BRAVECTO is FDA approved and available only from a veterinarian or clinic. Ask your dog's veterinarian about it today. (Locate a veterinarian or clinic that carries BRAVECTO. P.S. It's accurate; I've used it myself!)

Money-saving tip: Register at My Pet Rewards for deals, such as cash rebates!

For the latest news and promotions, follow BRAVECTO on social: Facebook | Twitter

Every effort has been made to ensure the accuracy of the information published. However, it remains the responsibility of the readers to familiarize themselves with the product information contained on the USA product label or package. More product information is available here:



  1. Bravecto sounds worth a try
    Lily & Edward

  2. Great post - and great list of things to talk to your vet about!

  3. One, Lele is adorable, just had to throw that in there. Great post and everyone needs to know what preventative care is so important. Sherm has a wicked flea allergy so we also use a monthly product that helps him a lot and this season has been really bad and hasn't let up at all... Thanks for spreading the word about a great product.

  4. Okay, first're hysterical. I LOVE the way you write. Thank you for making me smile today. Secondly, thank you for sharing really helpful information about this product. I have intended on asking our veterinarian about it and have failed to do so on multiple occasions and she has not yet read my mind!

  5. great post. I am lucky in that I have a vet that likes to engage - we are even friends on FB so I often reach out outside of our visits. Brilliant really. Ridiculously lucky I know. for us, we actually ended up going with a tick and flea collar. Montecristo has reacted violently to anything ingestible (throwing up, shaking etc.) or topical (the drops left massive rashes). So - we are stuck with the collar that goes on ONLY when he's going outside and especially on our hikes. The one thing we have added is [putting the drops on his harness for when we sail to deal with sand fleas. Conversation with the vet is important.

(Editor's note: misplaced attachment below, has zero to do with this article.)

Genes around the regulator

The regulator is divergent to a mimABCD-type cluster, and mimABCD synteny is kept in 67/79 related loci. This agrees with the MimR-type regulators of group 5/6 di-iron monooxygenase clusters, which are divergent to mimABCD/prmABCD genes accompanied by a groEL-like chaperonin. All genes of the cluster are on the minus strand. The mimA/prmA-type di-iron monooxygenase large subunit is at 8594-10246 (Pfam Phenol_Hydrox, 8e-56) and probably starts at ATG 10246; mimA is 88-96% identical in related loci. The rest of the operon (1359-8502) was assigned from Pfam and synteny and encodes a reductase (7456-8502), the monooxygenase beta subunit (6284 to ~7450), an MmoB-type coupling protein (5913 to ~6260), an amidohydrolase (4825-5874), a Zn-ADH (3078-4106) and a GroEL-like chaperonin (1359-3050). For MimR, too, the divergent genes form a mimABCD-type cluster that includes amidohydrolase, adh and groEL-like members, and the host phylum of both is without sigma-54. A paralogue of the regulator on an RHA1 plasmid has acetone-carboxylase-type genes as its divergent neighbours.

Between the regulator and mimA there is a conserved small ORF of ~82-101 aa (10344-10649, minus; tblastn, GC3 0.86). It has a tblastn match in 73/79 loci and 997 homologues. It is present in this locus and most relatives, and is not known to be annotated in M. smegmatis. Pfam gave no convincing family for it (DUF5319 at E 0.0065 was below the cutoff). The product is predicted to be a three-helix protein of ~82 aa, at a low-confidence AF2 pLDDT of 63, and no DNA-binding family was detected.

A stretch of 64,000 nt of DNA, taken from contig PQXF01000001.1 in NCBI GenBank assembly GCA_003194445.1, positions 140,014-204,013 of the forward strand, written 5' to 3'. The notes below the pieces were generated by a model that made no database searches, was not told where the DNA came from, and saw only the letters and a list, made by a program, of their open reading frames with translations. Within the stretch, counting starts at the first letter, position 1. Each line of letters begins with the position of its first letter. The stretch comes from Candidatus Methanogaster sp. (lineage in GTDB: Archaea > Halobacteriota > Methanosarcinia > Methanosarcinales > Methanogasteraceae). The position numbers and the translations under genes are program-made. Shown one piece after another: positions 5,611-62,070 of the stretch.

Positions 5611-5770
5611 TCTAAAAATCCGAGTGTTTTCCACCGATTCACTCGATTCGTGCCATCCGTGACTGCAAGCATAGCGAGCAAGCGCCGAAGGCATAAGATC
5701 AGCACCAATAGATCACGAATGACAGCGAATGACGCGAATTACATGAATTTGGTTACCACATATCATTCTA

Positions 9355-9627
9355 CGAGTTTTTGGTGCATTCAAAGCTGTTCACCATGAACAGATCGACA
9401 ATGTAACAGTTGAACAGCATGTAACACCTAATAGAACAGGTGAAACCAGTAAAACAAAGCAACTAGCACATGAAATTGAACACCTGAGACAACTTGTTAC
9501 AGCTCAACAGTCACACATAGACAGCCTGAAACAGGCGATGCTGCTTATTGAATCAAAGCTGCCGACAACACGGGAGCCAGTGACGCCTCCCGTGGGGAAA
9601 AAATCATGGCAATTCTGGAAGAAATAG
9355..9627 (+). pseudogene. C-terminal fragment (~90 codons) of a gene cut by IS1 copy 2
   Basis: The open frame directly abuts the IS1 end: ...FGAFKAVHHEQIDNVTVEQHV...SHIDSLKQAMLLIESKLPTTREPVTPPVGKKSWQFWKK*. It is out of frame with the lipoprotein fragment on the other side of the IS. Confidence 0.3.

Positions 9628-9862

6. I would have never thought about a flea & tick prevention triggering a food allergy. Great questions to ask. My vet is pretty informative and I remember having lots of discussions about preventative care regarding heartworms and other problems, but will talk to him about Bravecto on our next visit.

  7. The service dog group that I am working with now uses Bravecto for their dogs. It is not a product I had used in the past, but it seems to work well. I have had several friends in our area complaining about fleas, but we haven't seen any all summer. And Logan thinks the pills taste pretty yummy !!

  8. I love that people are becoming more aware of their options. Even my husband agrees that we should not 'poison' our pets to prevent fleas and ticks.

    1. ...I should add that my husband normally trusts me to make informed decisions based on the information provided to us by our vet.